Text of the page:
December 23, 2013 — Last year, Jesuit Father Mark McGregor spent the Christmas season in Southwest Asia, where he was serving as an Air Force chaplain. Tending to the spiritual needs of those deployed was especially important during the holidays, he explained in a recent article published by San Antonio Magazine.
“There were a lot of youngsters there who were experiencing their first holiday away from home or airmen who missed being with their wives or husbands or tucking their kids in,” he says.
Fr. McGregor was deployed to the 380th Air Expeditionary Wing in Southwest Asia in July 2012 for a six-month stay. There, he served as the chief of chaplains on the flight line, helping with morale and spiritual needs, celebrating Mass and making people feel welcomed.
According to Fr. McGregor, the attendance at the Christmas Eve service doubled or tripled. “There was just a real hunger to celebrate Christmas. Many of them were Catholic, some of them weren’t, but they wanted to be together and share together.
“Everyone there is so focused on the mission, but the personal stories behind the men and women, that’s the real blessing of the chaplain’s life — you get to hear about those things and to speak a word of strength and comfort and to listen to them.”
Before Fr. McGregor was commissioned to Southwest Asia, he taught media studies at both Fairfield University in Connecticut and Gonzaga University in Spokane, Wash. He felt compelled to help the military after seeing people lose loved ones and watching soldiers coming back wounded after 9/11.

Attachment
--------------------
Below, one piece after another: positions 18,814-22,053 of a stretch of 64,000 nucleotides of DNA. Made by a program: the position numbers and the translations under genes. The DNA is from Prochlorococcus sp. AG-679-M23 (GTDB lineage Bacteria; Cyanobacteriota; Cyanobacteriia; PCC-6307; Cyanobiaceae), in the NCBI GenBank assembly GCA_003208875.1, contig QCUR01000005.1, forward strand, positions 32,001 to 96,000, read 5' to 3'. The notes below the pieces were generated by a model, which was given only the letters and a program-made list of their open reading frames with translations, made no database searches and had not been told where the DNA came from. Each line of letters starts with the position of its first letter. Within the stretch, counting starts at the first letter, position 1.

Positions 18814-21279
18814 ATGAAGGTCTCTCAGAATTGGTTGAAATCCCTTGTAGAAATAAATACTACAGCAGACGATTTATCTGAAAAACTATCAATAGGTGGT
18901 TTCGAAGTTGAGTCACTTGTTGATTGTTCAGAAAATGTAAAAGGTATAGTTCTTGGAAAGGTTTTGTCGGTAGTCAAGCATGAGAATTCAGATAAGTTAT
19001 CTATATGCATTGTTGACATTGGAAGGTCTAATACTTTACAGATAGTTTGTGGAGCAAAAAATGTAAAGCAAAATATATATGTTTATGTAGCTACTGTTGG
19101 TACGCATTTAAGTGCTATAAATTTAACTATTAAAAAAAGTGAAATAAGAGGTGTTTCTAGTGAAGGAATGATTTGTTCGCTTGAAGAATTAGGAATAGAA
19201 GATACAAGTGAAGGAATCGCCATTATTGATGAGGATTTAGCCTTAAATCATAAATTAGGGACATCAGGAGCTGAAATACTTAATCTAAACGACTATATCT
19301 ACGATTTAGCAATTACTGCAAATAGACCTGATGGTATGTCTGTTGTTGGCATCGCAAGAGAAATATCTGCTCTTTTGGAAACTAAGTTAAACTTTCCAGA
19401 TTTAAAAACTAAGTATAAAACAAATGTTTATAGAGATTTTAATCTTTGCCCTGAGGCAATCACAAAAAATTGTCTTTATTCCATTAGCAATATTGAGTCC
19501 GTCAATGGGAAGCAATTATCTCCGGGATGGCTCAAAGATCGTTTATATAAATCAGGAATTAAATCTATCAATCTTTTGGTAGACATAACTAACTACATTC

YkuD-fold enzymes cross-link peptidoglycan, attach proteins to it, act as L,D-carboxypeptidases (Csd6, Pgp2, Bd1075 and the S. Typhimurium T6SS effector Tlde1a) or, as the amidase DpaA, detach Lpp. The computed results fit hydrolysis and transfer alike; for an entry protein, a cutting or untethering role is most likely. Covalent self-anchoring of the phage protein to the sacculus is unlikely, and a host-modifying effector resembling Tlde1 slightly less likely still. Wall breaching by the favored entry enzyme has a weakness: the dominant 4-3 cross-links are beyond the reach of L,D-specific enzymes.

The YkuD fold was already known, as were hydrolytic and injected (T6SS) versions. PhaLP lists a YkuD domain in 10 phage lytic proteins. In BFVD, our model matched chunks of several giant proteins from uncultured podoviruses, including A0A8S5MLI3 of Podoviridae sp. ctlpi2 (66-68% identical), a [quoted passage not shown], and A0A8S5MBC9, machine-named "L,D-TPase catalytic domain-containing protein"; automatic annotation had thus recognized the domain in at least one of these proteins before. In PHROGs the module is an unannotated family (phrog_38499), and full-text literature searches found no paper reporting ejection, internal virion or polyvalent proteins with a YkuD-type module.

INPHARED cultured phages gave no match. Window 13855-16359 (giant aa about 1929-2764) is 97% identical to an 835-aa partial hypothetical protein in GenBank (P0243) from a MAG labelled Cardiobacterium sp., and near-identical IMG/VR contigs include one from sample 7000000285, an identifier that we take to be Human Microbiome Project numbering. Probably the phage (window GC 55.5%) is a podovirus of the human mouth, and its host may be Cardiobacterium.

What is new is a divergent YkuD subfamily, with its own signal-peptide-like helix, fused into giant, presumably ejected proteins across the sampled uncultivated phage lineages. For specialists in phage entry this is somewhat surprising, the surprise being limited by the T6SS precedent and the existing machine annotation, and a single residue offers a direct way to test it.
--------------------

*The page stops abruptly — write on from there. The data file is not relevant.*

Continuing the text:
“I saw that if I didn’t do something with the military then, at 47, I probably wouldn’t do it and I would feel regret,” he explained. “It just touched a desire to serve the military and to help them know that their exercise of religion was going to be supported.”
Currently, Fr. McGregor serves as a chaplain at the Randolph Air Force Base in San Antonio. He says his role there is to help people maintain their spiritual fitness, one of the four dimensions of fitness defined by the Air Force (the other three are physical, emotional and social fitness).
At the base in Texas, he ministers to soldiers on active duty, guard or reserve members of the military, retired military and their dependents. “I provide direct care to all and religious support for all,” he said. “The Jesuit in me likes the variety of religious traditions and those who claim no religious preference, yet are spiritual or want to grow spiritually.” [Source: San Antonio Magazine]